We all want to be happy right? Seems like a rhetorical question, yet the more important query is how do we get to a place where we are happy.
Growing up gay in the South didn't make for many happy memories of my childhood. I was often made fun of, even taunted, as I made my way through challenging formative years. The truth is, I was far from happy. I had few friends, only 2 real friends in high school that talked to me outside of school hours and I was often seen as a gay leper that others didn't want to associate with for fear of social suicide. I often thought... if I just make it to this particular life step, then I'll be happy. If I just graduate high school and begin my independent journey. If I just find career success and have financial security... I will be happy.
Certainly I felt that once I made it to adulthood, was financially independent, had built a comfortable life with the trappings of success then, of course, I would be happy. If I only had a better body, a more beautiful face, that Mercedes I've had my eye on or that great looking guy that I could have my eyes on all day and night. ;) Alas, I've had every one of those things and, unfortunately, happiness has alluded me for much of my life. Venturing a guess, I would say true happiness is just as elusive to many of you reading these words.
But what is happiness? Clearly, I've strived for, thought I had the clear conception of happiness, but I was believing I would find it in all the wrong places. What I realized as a teenager was that I had to create my own happiness because it wasn't going to happen inherently. I knew I couldn't depend on others because few others were willing to build friendships with me even as a teenager. So, the answer was within me right? Partly.
My perspective is my reality. It's true for all of us. I longed for love, acceptance and support from others, yet most weren't willing to give it to me. We're told to love ourselves and so I learned to love, appreciate and respect all those things about me that made me different and unique. That's what developed the Blair business brand that you see reflected in the Blair doll. A tall, blond, fashionable, pretty enough to be a female runway model looking guy. But I still wasn't happy.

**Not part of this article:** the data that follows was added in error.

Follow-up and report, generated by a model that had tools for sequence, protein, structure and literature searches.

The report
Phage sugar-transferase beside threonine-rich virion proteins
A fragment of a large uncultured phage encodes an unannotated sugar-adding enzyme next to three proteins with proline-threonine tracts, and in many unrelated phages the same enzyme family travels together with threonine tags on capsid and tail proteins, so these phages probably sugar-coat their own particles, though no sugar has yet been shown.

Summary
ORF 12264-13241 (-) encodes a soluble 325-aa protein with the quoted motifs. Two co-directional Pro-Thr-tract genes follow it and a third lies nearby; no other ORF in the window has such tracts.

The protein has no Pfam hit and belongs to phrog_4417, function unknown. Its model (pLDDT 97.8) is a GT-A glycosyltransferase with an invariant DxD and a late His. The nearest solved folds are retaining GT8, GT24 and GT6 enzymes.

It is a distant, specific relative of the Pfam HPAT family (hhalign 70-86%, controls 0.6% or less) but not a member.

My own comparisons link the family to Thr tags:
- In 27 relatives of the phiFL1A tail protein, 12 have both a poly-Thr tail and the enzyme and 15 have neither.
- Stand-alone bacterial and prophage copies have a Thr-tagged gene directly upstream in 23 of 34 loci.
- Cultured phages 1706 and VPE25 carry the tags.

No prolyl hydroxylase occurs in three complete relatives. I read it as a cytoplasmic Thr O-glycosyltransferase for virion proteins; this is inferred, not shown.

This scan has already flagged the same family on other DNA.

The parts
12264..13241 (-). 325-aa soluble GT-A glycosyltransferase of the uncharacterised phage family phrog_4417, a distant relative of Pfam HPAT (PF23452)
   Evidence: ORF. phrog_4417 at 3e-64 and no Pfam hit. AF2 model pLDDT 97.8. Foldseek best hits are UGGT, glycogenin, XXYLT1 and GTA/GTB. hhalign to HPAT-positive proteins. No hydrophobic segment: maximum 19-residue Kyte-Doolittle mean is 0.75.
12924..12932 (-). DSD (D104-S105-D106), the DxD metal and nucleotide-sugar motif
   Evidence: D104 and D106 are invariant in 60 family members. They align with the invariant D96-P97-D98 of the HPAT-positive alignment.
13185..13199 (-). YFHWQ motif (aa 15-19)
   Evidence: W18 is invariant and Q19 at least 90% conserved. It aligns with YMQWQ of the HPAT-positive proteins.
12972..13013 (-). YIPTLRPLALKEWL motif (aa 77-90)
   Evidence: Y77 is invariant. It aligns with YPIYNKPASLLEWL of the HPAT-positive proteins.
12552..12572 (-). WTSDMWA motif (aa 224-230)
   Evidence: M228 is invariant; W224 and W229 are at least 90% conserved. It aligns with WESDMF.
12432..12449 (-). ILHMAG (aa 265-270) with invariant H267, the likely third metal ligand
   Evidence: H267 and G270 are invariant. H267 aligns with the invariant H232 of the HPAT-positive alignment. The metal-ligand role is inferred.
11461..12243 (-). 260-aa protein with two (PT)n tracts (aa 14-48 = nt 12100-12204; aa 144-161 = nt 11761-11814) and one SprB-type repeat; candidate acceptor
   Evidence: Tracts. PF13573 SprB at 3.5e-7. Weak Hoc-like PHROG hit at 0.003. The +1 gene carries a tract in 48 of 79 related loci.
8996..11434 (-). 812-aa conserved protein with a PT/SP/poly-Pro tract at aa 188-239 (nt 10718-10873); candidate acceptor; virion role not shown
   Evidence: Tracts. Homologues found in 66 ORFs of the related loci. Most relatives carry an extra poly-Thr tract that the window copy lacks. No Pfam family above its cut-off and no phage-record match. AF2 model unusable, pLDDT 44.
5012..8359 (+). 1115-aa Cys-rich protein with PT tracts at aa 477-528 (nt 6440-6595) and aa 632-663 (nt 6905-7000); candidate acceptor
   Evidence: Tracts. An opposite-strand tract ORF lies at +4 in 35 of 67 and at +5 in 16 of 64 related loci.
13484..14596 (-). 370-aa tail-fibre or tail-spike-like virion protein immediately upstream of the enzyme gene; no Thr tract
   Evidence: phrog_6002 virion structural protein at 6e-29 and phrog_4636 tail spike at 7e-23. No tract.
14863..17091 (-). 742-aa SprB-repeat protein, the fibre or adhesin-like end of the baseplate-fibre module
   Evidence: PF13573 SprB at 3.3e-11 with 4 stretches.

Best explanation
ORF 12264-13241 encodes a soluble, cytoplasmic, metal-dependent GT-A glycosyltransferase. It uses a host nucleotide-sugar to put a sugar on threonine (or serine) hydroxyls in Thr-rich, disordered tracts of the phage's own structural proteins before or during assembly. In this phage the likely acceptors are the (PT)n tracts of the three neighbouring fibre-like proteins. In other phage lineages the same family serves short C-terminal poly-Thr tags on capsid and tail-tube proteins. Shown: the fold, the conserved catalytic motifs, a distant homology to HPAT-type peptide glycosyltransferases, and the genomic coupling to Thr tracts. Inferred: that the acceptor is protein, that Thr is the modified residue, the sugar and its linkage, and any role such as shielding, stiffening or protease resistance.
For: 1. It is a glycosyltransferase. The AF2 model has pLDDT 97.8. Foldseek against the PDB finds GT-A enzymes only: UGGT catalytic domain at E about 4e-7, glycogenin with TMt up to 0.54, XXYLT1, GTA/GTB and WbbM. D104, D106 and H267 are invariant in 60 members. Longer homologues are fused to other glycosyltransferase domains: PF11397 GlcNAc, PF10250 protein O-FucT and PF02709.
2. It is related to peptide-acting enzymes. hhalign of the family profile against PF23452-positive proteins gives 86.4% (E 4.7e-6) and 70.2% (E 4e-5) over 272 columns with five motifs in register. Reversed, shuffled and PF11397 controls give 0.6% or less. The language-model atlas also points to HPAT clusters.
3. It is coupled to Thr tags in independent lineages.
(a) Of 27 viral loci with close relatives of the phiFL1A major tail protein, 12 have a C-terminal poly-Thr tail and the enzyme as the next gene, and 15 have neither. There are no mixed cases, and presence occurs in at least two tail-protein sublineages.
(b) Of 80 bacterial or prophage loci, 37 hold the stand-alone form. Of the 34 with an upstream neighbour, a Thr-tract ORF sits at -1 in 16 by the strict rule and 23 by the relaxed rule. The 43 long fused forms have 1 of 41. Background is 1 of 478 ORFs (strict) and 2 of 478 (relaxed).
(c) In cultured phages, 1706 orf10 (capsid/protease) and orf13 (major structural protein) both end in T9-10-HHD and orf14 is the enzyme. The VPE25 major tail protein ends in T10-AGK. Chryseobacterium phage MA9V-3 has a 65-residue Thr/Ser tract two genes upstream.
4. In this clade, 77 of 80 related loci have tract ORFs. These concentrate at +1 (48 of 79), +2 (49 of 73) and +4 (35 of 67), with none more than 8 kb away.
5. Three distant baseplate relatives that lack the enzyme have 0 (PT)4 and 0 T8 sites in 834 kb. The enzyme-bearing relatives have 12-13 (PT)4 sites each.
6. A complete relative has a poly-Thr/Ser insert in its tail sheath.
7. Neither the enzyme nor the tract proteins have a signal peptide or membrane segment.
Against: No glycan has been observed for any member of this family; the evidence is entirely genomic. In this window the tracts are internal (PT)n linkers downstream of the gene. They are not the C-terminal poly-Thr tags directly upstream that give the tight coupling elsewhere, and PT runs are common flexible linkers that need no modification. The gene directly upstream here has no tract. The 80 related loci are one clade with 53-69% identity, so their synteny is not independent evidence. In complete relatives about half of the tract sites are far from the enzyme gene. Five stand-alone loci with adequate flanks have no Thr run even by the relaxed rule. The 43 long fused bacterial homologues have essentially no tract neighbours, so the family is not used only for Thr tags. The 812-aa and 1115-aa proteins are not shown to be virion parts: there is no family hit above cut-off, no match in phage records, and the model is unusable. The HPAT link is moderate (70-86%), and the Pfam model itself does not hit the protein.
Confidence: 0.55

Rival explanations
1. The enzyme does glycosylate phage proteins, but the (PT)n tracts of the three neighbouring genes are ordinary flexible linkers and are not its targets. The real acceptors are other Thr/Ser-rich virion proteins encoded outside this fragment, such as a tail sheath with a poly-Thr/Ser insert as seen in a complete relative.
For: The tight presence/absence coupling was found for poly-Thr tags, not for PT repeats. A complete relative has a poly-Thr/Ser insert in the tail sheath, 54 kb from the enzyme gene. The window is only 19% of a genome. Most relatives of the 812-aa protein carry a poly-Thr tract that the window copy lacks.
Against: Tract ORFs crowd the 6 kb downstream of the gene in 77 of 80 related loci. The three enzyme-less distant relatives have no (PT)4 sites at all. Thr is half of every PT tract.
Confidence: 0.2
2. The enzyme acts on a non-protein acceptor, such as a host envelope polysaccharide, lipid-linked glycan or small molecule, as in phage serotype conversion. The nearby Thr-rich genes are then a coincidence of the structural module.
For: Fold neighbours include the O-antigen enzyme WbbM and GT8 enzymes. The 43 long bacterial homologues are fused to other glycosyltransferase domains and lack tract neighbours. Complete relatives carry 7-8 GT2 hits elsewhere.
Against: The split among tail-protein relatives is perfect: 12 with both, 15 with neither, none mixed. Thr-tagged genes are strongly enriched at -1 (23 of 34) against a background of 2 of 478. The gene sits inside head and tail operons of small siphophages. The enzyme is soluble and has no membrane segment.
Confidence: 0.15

At this point I had career success, financial security, others in business that looked up to me and found my journey inspiring and influential. So, I found acceptance from others and should be happy, right? Not really.
In the end, it does all come back to me. As my favorite quote goes: All you need is within you. But what was it that I needed from myself? I found the answer.
Vulnerability. What I'm most fearful of in my life. Completely opening up to someone and fearing rejection. But you can only go so far on your own. I've learned that in my business. The last year I worked all on my own, I closed 155 homes. All by myself. Looking back, I don't even know how I did it. But to achieve my full vision for growing a business that would make an impact and leave a lasting legacy both within and outside the real estate industry couldn't be just me working all on my own. I needed others.
Another key: Gratitude. For the little things. And, even though this needed to occur within me, it was someone that came into my life that helped me realize I must open my mind in order to notice the little things that can make me happy. They weren't what I pictured, what I thought I should be with, the relationship I saw myself in and I met him through my business which is the last place I thought I would find someone that made me a better, and most importantly, a happy person. However, I found myself being completely vulnerable and saying: look, I adore you, the kindness in your eyes, the true joy you express in your uncontrolled laugh, the delight you exhibit when something touches your heart. Vulnerability takes courage. So does happiness.
If you follow me on social media you know that I take in rescue animals, sponsor foster kids and contribute to causes that I identify with like the Mathew Shepard Foundation. Although each person I come across is grateful to me, what I'm grateful for is the opportunity that I have to give. I recently offered to pay for the wedding of one of my team members, to which they are grateful. But, to me, I'm thankful for the blessing that I'm financially able to do it and that I can enjoy seeing two people who are so much in love share their union and experience of such an incredible relationship with those they love and care for. I am so thankful for that.
And that brings me to another one of my quotes, that in ways, is a paradox to my first. It's our relationships with people in this world that matter most in the end. So, that means happiness is two parts. My own responsibility is that I must make myself open, be vulnerable and share all of me, then appreciate and show gratitude to those that I share myself with and the little things that make them, just that, them. Being grateful for the opportunities I am provided to help others, reflecting on how I am able to enjoy and impact in small to large ways.
What I've come to realize is that happiness isn't the "when" that I've looked for my entire life, it's the "now." It's the purr of the rescue kittens I took in and it's the smell of that special person in my life. It's the body I have now because if I lost a limb I bet I wouldn't mind that spider vein or big toe. It's not what I'm looking at "next." It's this very moment.
Saying goodbye to "when," "what if" and "what's next" isn't easy at first, but stop yourself a few times a day and reflect on all those little things to appreciate. Open yourself up to people around you and be vulnerable. They may just feel a connection and open up to you. This makes us all stronger as individuals and together in all that we do professionally and personally.